The challenge of enforcing pandemic visitor restrictions has led widespread “moral injury” and even resignations of some hospital staff, the clinical ethics lead at Austin Health says.
While patients in palliative care have always been allowed visitors at the health service in Melbourne’s north, strict rules were imposed early in 2020, reducing access for palliative patients and effectively banning outsiders for the rest.
There were always some exemptions and restrictions eased over time, although patients are still limited to four visitors per day in most cases. Suspected or confirmed cases of COVID-19 can have one visitor daily in full PPE, provided nursing staff agree.
Nevertheless, doctors and other staff are still struggling with the emotional rollercoaster of managing patient requests to see their loved ones, says Dr Danielle Ko, who is also a palliative care consultant at the Austin Hospital.
“At various times over the last two years, there have been days when I feel fine about the visitor policy and others where I’ll be in tears,” she says.
“And that continues because there’s a really considerable burden on staff decision making even with a clear policy.”
Speaking at the RACP congress in Melbourne last month, Dr Ko stressed she was not arguing for a free-for-all, nor did she criticise the decision to impose restrictions during the pandemic.
“There are no ‘right’ decisions around visitor restrictions,” she said.
“These are ethical dilemmas because we’re facing equally unappealing paths forward and dealing with ongoing aggression from frustrated families.”
However, it was hard to overstate the anguish felt by frontline staff as they were confronted by distressed patients and their family and friends, Dr Ko said.
“All the visitor restrictions caused distress, not only for the dying patients. If you have a loved one and you have to drop them off at ED and don’t know what’s happening, of course you want to be with them.”
“And that anger and frustration from patients is totally understandable,” she said. “So you would take it, because you could actually relate and think ‘if I was in that position, I would also feel that way’.”
Dr Ko said this distress was acutely felt in palliative care, despite its greater flexibility on visitors compared with the rest of the hospital.
“Many of the palliative care staff have considerable moral injury and quite a few staff have quit, citing the visitor restrictions as one of the biggest factors,” she told the conference.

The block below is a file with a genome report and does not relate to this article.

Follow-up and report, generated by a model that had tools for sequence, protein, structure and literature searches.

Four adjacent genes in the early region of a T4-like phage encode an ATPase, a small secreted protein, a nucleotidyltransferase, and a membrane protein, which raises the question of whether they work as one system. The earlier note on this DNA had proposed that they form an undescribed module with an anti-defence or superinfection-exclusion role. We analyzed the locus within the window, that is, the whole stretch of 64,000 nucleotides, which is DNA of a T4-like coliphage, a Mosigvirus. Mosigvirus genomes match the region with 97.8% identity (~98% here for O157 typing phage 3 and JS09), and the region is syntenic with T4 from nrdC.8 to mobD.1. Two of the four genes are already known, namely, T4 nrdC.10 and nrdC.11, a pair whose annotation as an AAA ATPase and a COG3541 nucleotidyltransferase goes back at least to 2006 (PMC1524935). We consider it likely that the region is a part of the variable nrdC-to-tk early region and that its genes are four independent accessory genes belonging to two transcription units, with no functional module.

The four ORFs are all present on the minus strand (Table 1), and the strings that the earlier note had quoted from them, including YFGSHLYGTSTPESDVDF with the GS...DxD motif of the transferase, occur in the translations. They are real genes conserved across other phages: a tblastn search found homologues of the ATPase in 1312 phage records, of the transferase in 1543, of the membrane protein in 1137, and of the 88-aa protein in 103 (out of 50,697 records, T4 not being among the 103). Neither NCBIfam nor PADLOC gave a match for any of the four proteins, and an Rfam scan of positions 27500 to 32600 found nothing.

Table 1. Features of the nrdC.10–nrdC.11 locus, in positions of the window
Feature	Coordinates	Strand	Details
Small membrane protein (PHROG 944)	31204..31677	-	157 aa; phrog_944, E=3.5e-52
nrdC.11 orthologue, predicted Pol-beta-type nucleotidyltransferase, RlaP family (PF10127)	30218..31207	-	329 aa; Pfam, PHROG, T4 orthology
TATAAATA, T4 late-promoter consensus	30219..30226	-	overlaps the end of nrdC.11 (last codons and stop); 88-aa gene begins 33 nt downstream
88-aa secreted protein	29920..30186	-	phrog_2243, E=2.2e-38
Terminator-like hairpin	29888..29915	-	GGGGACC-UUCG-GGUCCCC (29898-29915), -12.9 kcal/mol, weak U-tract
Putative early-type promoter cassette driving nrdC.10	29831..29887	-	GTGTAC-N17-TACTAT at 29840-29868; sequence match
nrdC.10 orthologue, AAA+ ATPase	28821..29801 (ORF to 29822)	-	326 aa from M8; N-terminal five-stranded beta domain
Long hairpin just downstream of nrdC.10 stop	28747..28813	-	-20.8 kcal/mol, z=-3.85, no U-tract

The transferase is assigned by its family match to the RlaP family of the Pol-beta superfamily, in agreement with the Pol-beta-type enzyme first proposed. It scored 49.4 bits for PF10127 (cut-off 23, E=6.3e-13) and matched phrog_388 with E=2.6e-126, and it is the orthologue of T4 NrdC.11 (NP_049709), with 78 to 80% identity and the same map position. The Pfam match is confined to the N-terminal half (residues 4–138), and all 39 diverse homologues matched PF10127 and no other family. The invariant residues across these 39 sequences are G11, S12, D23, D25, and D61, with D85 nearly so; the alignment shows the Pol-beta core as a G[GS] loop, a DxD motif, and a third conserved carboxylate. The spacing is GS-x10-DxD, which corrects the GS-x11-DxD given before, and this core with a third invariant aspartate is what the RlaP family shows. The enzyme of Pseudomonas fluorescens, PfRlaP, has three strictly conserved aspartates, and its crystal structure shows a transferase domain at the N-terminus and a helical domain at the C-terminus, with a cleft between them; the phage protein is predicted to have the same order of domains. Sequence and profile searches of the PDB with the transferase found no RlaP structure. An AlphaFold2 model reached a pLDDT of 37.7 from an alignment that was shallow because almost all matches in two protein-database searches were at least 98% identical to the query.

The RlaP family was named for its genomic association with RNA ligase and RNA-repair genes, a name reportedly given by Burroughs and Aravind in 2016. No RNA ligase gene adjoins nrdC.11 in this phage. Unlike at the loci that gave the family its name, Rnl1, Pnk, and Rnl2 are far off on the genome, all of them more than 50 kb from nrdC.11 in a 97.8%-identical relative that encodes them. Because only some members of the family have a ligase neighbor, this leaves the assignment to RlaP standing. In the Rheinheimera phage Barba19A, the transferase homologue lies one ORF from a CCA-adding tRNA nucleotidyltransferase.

“The time spent enforcing and discussing visitor restrictions has been phenomenal. At times, junior officers spent at least half their days taking about visitor restrictions, why they were in place and why people couldn’t see their loved ones as much as they wanted to.”
“They were exposed to a lot of very sad and angry families.”
Visitor bans in other wards presented other challenges, not least because of the increased stakes on decision making around the transition to end-of-life care.
A particular focal point for this was the hospital’s nursing unit managers, although even junior doctors occasionally found themselves faced with huge moral questions, Dr Ko said.
“There are people in the cancer wards for instance, who look like they are about to die and can either come good again or deteriorate suddenly,” she said.
“Doctors, including juniors had to ask ‘should I make them end of life so they can have visitors or continue treatment which doesn’t look like its working?’ If you don’t call it, and the patient dies earlier than expected, their loved ones will never get the chance to say goodbye in person.”
“I can’t even imagine the number of staff who are still living with those decisions.”
“I am a senior doctor and have seen a lot of dying patients, but even so it can be difficult to predict when someone is at end of life. I had two patients whose death came more quickly than expected. As a result, families were not around when they died and that is something I carry with me every day.”
Reflecting on the past two years, Dr Ko stressed restrictions had been well supported by hospital staff at the beginning of the pandemic given the then-shortages of PPE and lack of vaccines.
“Staff were pretty happy about shutting visitors out, notwithstanding we knew it was horrible to do and didn’t feel right,” she said.
“But as things changed, with vaccines reducing the risk to staff and as we were allowed to do more in life, there was a lot of moral distress.”
“I would feel bad for the patients and their families. Struggling with these decisions myself, and watching the considerable burden on my colleagues even with a clear policy was hard to watch.”
“Then when restrictions first eased, the poor security staff and the frontline staff became completely overwhelmed and people were waiting hours.”
Nevertheless, she said there had been some positives, adding it was the first time that staff safety became codified as a top priority for the health service.
Formal systems were also put in place to move decisions on visitor restriction exemptions out of the hands of frontline staff, allowing them to focus on patient care, Dr Ko said.
“We learned we really need a clear and transparent policy, with regular review to ensure it’s proportionate,” she said.
“You need efficient escalation processes, and people need to know who to escalate to in a timely manner. You need fair exemption processes and timely communication to staff and patients.”
Dr Ko said failures to give staff time to prepare for changes led to a “predictable spike in aggression”.
“We also learned the importance of providing a forum for staff to express their distress and understand their reasons. This was helpful, even if we didn’t have any definitive answers,” Dr Ko said.